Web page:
North East Africa is a region being rocked by the ongoing Ethiopian civil-war, waged by PM Abiy on his own people, a resulting refugee crisis in neighbouring Sudan, increased tensions in Egypt over a huge new dam on the upper reaches of the River Nile, and now flood causing torrential rains in parts of Somalia.
It is also the region Taiwan’s newest diplomatic ally Somaliland calls home.
In this latest in a series of TTT spotlights on the region, our friends at the Puntland Post in Somalia describe the situation on the ground near the Somali capital of Mogadishu. 

Mogadishu (PP News Desk) — Flood water has cut off Jowhar from Balad (Balcad) due to torrential rains and river floods.

Travel from Mogadishu to Jowhar, a distance of 92km typically takes three hours during the dry season.

When it rained without causing floods, however, travel time was increased to between 5 to six hours.

Jowhar – C: https://arabstates.gltn.net/

That is a roughly 80% increase on travel time compared to the pre-1990s era when the road, though unmaintained, was still less treacherous or vulnerable to being submerged in rainwater.

Torrential rains and floods have now turned Jowhar into an island accessible only by a boat from Balad or by an airplane from Mogadishu.

A Puntland Post reporter travelled from Mogadishu this week to report on the impact of the rains on the road.

He could buy a bus fare only as far as Balad.

At Balad he boarded a boat bound for an area known as Isgoyska, where he had caught a bus bound for Jowhar.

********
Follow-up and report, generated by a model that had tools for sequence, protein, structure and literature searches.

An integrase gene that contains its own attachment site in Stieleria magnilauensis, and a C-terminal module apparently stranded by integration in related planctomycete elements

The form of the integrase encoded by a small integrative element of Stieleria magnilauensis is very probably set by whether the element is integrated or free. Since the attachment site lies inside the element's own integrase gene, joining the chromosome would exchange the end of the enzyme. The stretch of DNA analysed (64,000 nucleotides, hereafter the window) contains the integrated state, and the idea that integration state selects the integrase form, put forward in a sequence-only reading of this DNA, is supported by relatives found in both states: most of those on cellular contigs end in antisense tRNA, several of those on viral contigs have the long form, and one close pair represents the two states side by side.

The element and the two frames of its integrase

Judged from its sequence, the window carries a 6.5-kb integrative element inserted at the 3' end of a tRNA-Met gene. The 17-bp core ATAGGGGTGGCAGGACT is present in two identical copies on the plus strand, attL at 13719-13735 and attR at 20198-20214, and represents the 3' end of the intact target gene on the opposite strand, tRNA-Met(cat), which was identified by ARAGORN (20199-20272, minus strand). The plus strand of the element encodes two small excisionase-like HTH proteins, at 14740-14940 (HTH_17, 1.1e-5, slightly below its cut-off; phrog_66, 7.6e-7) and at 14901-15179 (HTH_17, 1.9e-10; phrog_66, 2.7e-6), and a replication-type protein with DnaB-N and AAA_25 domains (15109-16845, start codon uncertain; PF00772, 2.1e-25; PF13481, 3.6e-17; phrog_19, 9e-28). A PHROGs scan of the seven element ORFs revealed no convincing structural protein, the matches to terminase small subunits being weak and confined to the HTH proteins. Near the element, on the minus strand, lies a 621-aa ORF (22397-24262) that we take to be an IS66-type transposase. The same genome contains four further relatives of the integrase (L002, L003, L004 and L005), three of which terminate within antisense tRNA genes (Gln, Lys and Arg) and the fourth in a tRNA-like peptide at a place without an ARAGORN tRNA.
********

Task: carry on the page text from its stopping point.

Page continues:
On average it now takes 10 hours to travel from Mogadishu to Jowhar.

A voyage to Jowhar: Boats have replaced buses as a means of transport when travelling from Balad to Jowhar.

In the past rains did not affect the Balad to Jowhar road nearly so severely.

When it rained heavily, an extra two hours at most were added to the travel time as passengers had to get off the bus or car and walk for about three kilometres to catch the same bus or car again after it managed to trudge, lighter in weight, to a spot where it picked up passengers again.

The 2020, rains though have had an unusually severe impact on travel from and to Jowhar.

The city, the administrative capital of Hirshabelle, is reeling from the impact of the rains and river floods.

Food prices have risen by more than 50% due to a shortage of essentials.

Jowhar before flooding

“Trade between Jowhar and Mogadishu has stopped because traders rely on lorries. There are not enough boats to ferry goods from Balad to Isgoyska. Even if more boats are made available to us the price of goods will have to increase because of corresponding transport costs” says a businessman based in Hantiwadaag, one of the neighbourhoods of Jowhar.

After disembarking from the boat, the passengers had to still walk between Isgoyska and Qalimow through water as deep as five feet to catch another bus or car.

This means changing the means of transport three times. Boat operators are busy but few in number.

The risk of flooding is increases partly because the Shabelle River passes through Jowhar and Balad, making the impact of floods on the road system more widespread.

Experts believe that the Balad to Jowhar road requires a complete redesign though. When the road was designed, the risk of flooding was not taken into account.

With the onset of the effects of climate change in Somalia as in other parts of the world, however, floods and unexpected weather patterns will continue to have an impact on the Middle Shabelle region.

“Any redesign of the road should factor in the impact of climate change on infrastructure” says a Somali civil engineer in Garowe.

“A similar flood can happen again, and affect the Balad tp Jowhar road. The Federal Government should prioritise solutions to floods affecting the national infrastructure” he added.

This article first appeared in the © Puntland Post, and is republished with permission.

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